by: Camille Wick – Staff Writer – firstname.lastname@example.org
Muslim women discussed the Islamic faith and shared their personal experiences connected to their religious beliefs in the Women in Islam panel, hosted by the Muslim Student Association at UNC Asheville last Thursday.
“I think that cultural exposure is drastically underrated and that events like this are important to keep as much of an open mind as possible,” said Erin Royal, a senior psychology student who attended the event. “Raising awareness like this is a really good way to spread the word about what is actually true and what isn’t.”
The three panelists, Robina Niyaz, Tayyibah Taylor and Suzanne Hamid, represented a range of ages and backgrounds, and talked about the media portrayal and perception of Islam.
“I grew up in Toronto at a time when there were no positive images of people of color in the media,” Taylor said. “Usually the portrayals of Muslim women in the media are that of victim: victim of man, victim of religion, victim of war.”
Taylor founded and serves as editor-in-chief of Azizah Magazine, the first Muslim American women’s magazine.
Publications such as Azizah Magazine attempt to reduce issues such as stereotyping and racism by providing positive portrayals of Muslims and Muslim women.
Azizah Magazine is a validation of identity, and it is usually the first time Muslim women see themselves represented in a positive way, Taylor said.
“I chose to (create the magazine) because there was no place where women could really express their thoughts and set their agenda and really
have a vehicle for their voices,” Taylor said. “Every article in Azizah Magazine is written by a Muslim.”
Katie Pindell, a sophomore management and accounting student, attended the event Thursday evening.
“Being able to listen to women speak so candidly about their religion and compare their experiences with perceptions was very interesting,” Pindell said.
Hamid, the youngest panelist, graduated from UNC Charlotte in 2010, and she said she has always received positive feedback from her peers regarding her religion.
“I identified with the youngest woman because she went to college in North Carolina,” Royal said. “I liked her because she seemed like she wasn’t afraid to express her opinion, and it was really important to her that it came across in a way that younger people could understand it.”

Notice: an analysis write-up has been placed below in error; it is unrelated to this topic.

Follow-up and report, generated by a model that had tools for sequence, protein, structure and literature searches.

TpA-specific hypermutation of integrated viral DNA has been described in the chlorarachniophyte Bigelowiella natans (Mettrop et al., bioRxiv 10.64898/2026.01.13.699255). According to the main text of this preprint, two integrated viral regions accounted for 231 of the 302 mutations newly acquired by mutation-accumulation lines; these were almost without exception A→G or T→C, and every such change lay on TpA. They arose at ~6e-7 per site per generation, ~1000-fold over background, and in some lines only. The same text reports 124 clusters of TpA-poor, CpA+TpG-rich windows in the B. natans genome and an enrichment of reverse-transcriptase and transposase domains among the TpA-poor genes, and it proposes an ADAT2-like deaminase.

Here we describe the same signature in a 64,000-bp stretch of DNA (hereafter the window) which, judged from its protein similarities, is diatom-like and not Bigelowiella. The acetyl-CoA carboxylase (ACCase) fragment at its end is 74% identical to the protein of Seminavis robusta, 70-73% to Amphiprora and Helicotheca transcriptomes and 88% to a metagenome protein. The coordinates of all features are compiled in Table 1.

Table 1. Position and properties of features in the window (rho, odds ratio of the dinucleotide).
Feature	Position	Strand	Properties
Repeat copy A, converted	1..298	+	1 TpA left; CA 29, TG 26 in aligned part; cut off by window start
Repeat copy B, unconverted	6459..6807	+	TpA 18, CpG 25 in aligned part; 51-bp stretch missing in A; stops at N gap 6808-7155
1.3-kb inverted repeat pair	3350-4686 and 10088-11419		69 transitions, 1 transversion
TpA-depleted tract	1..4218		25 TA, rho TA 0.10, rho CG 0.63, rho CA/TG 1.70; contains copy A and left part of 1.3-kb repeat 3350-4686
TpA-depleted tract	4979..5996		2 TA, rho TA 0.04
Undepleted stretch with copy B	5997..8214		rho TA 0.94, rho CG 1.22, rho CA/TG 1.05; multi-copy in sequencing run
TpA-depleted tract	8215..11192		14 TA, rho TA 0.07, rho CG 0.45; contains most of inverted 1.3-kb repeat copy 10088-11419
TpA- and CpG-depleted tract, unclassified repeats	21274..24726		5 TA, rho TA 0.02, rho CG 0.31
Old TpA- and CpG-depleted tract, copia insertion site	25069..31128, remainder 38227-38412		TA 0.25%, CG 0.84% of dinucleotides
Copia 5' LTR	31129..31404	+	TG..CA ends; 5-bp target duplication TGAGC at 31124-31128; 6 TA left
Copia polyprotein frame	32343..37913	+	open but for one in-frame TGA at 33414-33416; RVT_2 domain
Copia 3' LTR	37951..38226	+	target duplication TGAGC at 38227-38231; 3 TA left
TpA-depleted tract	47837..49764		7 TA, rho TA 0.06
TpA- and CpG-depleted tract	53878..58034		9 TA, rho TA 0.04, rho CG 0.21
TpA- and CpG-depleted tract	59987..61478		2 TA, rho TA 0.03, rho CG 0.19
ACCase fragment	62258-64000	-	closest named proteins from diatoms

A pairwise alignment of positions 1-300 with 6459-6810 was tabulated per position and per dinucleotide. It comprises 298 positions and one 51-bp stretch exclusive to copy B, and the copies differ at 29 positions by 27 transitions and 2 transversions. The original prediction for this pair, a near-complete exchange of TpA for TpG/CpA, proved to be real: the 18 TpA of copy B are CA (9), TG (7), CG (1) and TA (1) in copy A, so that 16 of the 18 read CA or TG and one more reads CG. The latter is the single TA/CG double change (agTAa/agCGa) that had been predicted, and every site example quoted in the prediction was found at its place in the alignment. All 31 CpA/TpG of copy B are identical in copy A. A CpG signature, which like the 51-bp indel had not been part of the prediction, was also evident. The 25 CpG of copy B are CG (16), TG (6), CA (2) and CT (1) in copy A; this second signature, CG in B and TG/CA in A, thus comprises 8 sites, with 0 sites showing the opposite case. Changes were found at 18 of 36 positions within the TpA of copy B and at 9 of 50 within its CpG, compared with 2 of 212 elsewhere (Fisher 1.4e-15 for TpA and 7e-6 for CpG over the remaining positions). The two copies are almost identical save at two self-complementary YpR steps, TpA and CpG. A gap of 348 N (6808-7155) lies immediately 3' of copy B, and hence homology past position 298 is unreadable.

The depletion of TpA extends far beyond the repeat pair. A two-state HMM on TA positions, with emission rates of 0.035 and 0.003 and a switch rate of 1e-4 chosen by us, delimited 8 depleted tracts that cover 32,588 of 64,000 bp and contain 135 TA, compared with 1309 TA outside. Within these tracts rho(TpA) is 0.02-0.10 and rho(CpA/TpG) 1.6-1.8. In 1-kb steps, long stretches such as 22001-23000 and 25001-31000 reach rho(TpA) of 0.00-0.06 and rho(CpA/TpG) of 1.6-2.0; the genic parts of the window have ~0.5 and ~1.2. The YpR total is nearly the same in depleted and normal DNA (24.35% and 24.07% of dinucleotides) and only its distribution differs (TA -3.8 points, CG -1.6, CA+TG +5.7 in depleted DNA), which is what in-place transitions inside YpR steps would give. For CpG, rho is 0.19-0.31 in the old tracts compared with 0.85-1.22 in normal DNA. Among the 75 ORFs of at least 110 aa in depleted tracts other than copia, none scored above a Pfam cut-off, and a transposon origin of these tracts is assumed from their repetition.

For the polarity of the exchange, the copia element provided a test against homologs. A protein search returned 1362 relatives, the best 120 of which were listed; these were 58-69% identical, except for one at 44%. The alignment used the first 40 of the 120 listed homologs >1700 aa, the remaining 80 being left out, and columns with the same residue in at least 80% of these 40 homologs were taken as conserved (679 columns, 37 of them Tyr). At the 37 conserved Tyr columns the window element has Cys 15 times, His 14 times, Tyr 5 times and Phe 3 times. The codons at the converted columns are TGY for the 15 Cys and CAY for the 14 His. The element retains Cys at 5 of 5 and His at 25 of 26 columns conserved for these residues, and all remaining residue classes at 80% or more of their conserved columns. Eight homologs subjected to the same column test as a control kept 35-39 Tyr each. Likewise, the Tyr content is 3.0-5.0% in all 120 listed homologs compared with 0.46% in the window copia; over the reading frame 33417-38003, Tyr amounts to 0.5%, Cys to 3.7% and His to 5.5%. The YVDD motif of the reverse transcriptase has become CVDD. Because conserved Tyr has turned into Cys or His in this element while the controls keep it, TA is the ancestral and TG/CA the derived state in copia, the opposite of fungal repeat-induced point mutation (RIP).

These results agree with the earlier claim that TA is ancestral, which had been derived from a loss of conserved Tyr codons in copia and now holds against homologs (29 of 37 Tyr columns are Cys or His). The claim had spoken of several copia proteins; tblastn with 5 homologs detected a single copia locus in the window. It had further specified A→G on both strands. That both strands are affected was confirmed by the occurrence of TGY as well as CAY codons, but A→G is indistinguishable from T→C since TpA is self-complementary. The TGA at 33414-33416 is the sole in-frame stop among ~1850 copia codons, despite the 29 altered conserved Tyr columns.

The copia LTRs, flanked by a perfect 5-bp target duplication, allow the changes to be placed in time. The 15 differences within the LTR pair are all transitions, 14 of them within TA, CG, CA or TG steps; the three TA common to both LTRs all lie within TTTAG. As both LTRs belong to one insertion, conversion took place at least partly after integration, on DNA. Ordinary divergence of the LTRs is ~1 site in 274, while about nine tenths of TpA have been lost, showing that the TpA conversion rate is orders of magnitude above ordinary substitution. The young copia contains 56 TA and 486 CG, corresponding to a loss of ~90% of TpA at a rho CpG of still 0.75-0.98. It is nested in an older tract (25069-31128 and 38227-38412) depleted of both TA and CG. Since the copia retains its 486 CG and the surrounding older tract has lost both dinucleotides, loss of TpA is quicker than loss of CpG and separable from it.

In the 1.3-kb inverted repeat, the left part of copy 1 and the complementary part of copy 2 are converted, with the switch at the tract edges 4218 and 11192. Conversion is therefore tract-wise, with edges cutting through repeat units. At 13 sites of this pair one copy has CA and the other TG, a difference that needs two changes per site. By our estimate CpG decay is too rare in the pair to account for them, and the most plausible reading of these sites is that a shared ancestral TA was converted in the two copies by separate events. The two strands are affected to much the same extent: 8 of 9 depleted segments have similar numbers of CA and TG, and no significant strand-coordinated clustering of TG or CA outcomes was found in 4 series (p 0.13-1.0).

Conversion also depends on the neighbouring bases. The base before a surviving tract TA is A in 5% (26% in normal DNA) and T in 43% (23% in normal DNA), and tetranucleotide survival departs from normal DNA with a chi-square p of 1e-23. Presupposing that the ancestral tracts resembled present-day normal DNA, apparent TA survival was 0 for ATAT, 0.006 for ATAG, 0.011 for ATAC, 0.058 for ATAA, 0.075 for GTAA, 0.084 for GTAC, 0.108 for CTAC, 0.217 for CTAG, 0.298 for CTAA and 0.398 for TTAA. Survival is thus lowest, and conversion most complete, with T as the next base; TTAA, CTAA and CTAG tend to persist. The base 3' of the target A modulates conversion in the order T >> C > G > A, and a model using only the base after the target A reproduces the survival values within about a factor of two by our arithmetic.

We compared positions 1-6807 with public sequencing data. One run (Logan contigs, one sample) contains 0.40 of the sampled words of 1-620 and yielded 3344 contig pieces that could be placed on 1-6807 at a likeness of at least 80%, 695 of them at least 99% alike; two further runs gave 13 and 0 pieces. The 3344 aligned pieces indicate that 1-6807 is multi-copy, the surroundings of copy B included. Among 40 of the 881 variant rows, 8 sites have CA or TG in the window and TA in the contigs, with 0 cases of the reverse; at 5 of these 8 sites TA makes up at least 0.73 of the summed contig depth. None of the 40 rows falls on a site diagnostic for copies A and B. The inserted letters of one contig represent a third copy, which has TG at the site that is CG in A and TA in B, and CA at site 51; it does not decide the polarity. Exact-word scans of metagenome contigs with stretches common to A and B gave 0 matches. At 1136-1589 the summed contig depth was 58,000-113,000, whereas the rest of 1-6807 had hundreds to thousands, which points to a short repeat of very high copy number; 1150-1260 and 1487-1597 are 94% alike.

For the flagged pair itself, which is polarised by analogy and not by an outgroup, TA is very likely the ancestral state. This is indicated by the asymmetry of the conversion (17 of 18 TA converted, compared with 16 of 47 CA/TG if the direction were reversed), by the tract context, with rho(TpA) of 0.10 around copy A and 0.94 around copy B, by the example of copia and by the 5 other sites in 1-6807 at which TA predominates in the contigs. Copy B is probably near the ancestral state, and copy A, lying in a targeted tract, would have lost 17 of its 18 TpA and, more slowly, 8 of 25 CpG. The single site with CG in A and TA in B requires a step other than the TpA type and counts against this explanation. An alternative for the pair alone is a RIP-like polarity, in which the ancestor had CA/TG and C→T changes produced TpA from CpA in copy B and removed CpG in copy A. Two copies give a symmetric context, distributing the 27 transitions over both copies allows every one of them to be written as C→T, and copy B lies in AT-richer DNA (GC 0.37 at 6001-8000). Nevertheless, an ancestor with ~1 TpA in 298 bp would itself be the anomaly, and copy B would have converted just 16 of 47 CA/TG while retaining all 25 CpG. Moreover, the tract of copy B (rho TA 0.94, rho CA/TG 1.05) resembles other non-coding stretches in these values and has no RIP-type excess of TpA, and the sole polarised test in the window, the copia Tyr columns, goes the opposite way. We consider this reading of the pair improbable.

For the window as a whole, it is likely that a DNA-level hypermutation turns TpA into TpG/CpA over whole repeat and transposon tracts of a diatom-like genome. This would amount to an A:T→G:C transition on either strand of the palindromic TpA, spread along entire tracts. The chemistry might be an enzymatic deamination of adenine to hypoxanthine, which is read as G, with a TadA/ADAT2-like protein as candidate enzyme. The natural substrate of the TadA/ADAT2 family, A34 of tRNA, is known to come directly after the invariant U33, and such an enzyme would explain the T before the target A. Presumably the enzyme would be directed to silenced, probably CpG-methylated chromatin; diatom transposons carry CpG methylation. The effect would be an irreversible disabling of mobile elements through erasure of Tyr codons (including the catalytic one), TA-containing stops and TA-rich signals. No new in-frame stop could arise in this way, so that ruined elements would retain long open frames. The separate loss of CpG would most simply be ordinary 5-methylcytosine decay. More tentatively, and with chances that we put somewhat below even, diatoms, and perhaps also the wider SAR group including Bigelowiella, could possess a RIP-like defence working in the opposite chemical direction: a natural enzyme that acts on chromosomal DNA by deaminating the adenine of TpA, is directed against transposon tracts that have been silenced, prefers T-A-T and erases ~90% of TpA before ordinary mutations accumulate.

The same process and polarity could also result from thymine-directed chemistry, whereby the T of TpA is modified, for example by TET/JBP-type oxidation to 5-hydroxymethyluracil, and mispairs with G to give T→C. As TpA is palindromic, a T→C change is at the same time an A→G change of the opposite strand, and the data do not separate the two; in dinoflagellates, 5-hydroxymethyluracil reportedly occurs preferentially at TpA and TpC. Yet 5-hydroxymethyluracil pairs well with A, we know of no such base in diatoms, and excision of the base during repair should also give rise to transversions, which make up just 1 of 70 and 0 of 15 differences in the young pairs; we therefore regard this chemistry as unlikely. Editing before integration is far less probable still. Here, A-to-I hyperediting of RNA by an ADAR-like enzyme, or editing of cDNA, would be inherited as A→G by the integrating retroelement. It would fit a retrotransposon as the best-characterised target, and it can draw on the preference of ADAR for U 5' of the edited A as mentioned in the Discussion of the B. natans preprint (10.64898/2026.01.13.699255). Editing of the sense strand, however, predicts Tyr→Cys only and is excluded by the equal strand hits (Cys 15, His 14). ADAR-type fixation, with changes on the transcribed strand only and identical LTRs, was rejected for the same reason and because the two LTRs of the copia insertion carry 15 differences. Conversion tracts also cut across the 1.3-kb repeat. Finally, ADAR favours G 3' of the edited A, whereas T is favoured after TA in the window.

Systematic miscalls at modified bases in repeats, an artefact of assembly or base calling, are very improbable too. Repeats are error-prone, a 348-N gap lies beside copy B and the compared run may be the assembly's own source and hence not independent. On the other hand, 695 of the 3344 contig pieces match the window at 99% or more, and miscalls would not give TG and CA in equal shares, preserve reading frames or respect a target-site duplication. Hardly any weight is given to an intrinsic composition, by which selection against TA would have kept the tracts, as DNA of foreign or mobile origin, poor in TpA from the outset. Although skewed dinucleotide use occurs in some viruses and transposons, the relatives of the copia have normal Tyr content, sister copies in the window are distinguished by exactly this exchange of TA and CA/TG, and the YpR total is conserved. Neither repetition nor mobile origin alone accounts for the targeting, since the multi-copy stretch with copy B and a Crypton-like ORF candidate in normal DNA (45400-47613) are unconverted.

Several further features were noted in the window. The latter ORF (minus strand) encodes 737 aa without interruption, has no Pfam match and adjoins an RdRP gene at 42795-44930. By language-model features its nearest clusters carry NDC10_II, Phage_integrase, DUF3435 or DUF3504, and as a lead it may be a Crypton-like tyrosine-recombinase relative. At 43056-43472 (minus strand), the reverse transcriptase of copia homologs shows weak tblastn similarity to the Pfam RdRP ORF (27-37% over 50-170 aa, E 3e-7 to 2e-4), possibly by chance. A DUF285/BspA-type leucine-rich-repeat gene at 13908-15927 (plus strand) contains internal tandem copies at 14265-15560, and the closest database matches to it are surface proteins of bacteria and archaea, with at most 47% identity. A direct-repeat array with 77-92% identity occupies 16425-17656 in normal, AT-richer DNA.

Hamid said she has confronted the faith-related hardship of ignorance concerning the Muslim community. She said these views typically stem from cultural rather than religious differences.
“I found the difference between culture and religion the most interesting,” Royal said. “I had never really thought about it that way before and was ashamed to even have found myself putting the two together in my head before this panel.”
Niyaz said culture plays an important role in regard to religion and connected her personal experiences with Turning Point, an organization fighting domestic violence among New York City Muslims.
Niyaz said it is important to raise awareness that domestic violence is not acceptable within Islam. The meshing of culture and religion plays a role in this awareness, she said.
Some attendees, like Pindell, found the panelists’ distinction between religion and culture as gray rather than black and white.–
“The Women in Islam panel struck me most in how much the speakers differentiated between religion and culture,” Pindell said. “They all felt as though culture had altered religion and how people interpret it. I agree to an extent, but I do not think the two are mutually exclusive.”
Some people who attended and participated in the discussion were more familiar with Islam and its customs than others.
“I think the more culture we can come into contact with, the more accommodating we can be for various cultural elements, which, in the end, is more important because it could drastically decrease important issues such as stereotyping and racism,” Royal said.